And then came Sep­tem­ber 11th, exact­ly the half-way point of this cul­tur­al marketplace.


News of events in Amer­i­ca reached us as we were emerg­ing from a work­shop on “Arab images in West­ern media.” Mere min­utes lat­er, inflam­ma­to­ry images of ulu­lat­ing Pales­tin­ian women in East Jerusalem cel­e­brat­ing the attack were being broad­cast around the world on CNN.

Amer­i­can par­tic­i­pants left abrupt­ly en masse and spent the next four days trapped in air­ports. The rest of us — includ­ing a Pales­tin­ian folk-danc­ing troupe from Ramal­lah which could not get back home because of the Israeli siege —car­ried on in a rather stunned state.

The evening of Sep­tem­ber 11th, we duti­ful­ly took a bus to Amman’s Citadel, the Roman ruins where King David dis­patched Bathsheba’s hus­band to cer­tain death in bat­tle, itself one of the high­est points in the city. Under­neath a star­lit sky, we lis­tened to sooth­ing Sufi music from Syr­ia. Lat­er, a group from Egypt called “Les Tam­bours de Nubie” played music that com­bined tra­di­tion­al Nubian melodies and African rhythms, with clas­si­cal cel­lo. Their clos­ing num­ber was a unique ver­sion of Beethoven’s “Song of Joy.” East and West had nev­er seemed so close yet so far.

The mood on the Jor­dan­ian street was increas­ing­ly grim. Every­one was wor­ried about the death of tourism, the only real indus­try in a coun­try that had not been blessed with oil when the French and British were carv­ing up the Mid­dle East. A taxi dri­ver, think­ing I was Amer­i­can, offered his sin­cere con­do­lences. When I told him I was Cana­di­an, he inquired dis­creet­ly about visas and unem­ploy­ment rates.

Thurs­day night, as the enor­mi­ty of what had hap­pened and the increas­ing cer­tain­ty of war began to sink in, we were all bussed out to a beau­ti­ful spot in the coun­try, where a Lebanese jazz band and a Niger­ian group enter­tained us. As the Niger­ian band sang a song that began “We are all broth­ers and sis­ters…” a bunch of us rather bewil­dered atten­dees —includ­ing Sene­galese, British, Pales­tin­ian and one lone Amer­i­can (the only one who had stayed out of sol­i­dar­i­ty, a sweet natured teacher from Kansas) — slow­ly began to dance. As we moved and swayed togeth­er, any polit­i­cal or nation­al “line-draw­ing” that had begun, melt­ed into a sense of unity.

The next day, Sep­tem­ber 14, the fes­ti­val con­tin­ued with a rather Felli­ni-esque fash­ion show at the Dead Sea Moevn­pick resort. Half a dozen design­ers from around the Arab world — Jor­dan­ian, Iraqi, Lebanese, Moroc­can, Pales­tin­ian — show­cased their work that mixed tra­di­tion­al arti­sanal designs with West­ern style cou­ture. The evening was a fan­ta­sia of design pos­si­bil­i­ties that seemed to speak to the aes­thet­ic div­i­dends of peace­ful co-existence.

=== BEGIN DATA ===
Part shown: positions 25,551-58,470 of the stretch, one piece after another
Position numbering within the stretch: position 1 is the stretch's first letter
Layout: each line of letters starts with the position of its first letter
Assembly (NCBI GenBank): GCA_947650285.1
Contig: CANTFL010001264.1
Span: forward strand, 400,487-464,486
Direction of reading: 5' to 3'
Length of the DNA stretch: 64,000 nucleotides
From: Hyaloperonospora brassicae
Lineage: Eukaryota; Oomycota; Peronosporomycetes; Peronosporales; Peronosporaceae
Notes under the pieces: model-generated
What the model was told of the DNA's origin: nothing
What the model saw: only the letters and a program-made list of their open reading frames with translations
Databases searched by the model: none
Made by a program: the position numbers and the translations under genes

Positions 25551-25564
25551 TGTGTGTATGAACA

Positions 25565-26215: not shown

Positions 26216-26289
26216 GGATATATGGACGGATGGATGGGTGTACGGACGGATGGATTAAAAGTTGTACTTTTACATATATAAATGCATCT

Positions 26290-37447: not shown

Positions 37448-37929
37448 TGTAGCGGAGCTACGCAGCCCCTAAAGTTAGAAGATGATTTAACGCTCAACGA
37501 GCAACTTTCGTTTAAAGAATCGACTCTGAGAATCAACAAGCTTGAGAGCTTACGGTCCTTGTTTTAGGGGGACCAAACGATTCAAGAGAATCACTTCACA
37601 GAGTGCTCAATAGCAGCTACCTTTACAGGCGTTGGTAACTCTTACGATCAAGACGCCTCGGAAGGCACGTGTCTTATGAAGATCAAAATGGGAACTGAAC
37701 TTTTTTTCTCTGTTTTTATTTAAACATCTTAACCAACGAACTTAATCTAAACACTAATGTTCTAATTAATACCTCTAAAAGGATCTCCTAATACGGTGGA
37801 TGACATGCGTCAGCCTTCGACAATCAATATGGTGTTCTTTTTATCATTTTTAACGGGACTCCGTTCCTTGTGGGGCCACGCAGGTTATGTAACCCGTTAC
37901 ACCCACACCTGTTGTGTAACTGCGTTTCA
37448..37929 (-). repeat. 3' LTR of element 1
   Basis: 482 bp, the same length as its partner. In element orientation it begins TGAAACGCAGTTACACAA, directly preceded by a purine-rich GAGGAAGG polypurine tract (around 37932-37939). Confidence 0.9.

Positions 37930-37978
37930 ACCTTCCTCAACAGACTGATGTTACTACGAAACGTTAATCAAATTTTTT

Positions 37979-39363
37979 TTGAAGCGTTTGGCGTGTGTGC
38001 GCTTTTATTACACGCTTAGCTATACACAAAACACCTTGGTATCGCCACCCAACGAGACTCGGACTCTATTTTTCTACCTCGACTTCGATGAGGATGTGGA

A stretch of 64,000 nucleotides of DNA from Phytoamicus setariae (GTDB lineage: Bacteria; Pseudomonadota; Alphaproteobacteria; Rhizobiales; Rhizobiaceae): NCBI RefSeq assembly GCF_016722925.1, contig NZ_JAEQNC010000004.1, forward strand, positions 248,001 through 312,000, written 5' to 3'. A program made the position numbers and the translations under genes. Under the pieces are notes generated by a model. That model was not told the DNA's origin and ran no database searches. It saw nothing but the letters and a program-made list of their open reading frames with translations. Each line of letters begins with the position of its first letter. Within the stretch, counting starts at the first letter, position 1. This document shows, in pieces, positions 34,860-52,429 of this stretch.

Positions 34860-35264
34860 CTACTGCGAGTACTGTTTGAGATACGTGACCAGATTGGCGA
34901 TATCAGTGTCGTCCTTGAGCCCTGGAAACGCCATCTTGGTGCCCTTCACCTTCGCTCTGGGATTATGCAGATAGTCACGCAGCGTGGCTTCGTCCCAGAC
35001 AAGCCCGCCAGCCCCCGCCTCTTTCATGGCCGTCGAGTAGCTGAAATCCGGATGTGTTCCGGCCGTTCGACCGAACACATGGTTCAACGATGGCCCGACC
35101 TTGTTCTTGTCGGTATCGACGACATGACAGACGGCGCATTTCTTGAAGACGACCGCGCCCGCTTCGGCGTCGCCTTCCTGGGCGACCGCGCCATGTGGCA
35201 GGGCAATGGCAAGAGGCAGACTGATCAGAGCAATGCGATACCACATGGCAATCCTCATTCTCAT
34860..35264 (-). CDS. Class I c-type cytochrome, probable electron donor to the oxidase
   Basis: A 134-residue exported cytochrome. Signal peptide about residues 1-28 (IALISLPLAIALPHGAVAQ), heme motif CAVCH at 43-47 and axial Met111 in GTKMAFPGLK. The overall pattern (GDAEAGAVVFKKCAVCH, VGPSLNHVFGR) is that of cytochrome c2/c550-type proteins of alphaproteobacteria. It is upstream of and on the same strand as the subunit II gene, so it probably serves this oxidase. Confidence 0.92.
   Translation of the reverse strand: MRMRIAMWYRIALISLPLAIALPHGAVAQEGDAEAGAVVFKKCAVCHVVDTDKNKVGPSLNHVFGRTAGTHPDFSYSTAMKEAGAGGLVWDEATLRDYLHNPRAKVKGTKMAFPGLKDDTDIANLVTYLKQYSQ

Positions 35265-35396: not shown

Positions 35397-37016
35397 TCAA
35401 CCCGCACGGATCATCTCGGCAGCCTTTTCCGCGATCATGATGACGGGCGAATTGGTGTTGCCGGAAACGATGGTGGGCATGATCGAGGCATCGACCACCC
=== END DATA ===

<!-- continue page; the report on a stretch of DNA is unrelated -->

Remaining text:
The fes­ti­val closed with a per­for­mance by Vien­na-based Pales­tin­ian singer/songwriter Mar­wan Aba­do, minus his Aus­tri­an band mem­bers, who had been spooked by the thought of trav­el to the Mid­dle East and can­celled at the last minute. Like an Ara­bic Leonard Cohen, Aba­do sang songs that tran­scend­ed the polit­i­cal with their humor and human­i­ty. In “Poem to the Moon” he sang of being freed from a “prison” that could be real or psychological.

I asked him after­wards about his feel­ings as an artist caught between East and West vis à vis the cur­rent “sit­u­a­tion.” Aba­do respond­ed that the most “sur­re­al” expe­ri­ence of his per­form­ing life was rep­re­sent­ing Aus­tria at a musi­cal fes­ti­val in Moroc­co. “When peo­ple ask me where I’m from,” he con­tin­ued, “I say, ‘from Ottakring’ (a neigh­bor­hood in Vien­na). Then I say I am Pales­tin­ian. Then a musi­cian. But in the end, I can only say, ‘I am a human being.’”


The war on ter­ror spawned by that fate­ful week would kill thou­sands of inno­cents in Afghanistan and Iraq, increase racial pro­fil­ing and “extra­or­di­nary ren­di­tion” of Cana­di­an cit­i­zens like Maher Arar, who was infa­mous­ly deport­ed to a Syr­i­an prison by Amer­i­can authorities.

But for that one extra­or­di­nary week in Sep­tem­ber 2001, I was shel­tered in a tiny oasis of peace, where cul­ture trumped ter­ror, and artists dreamed of hap­pi­er futures. This is what I choose to remem­ber today.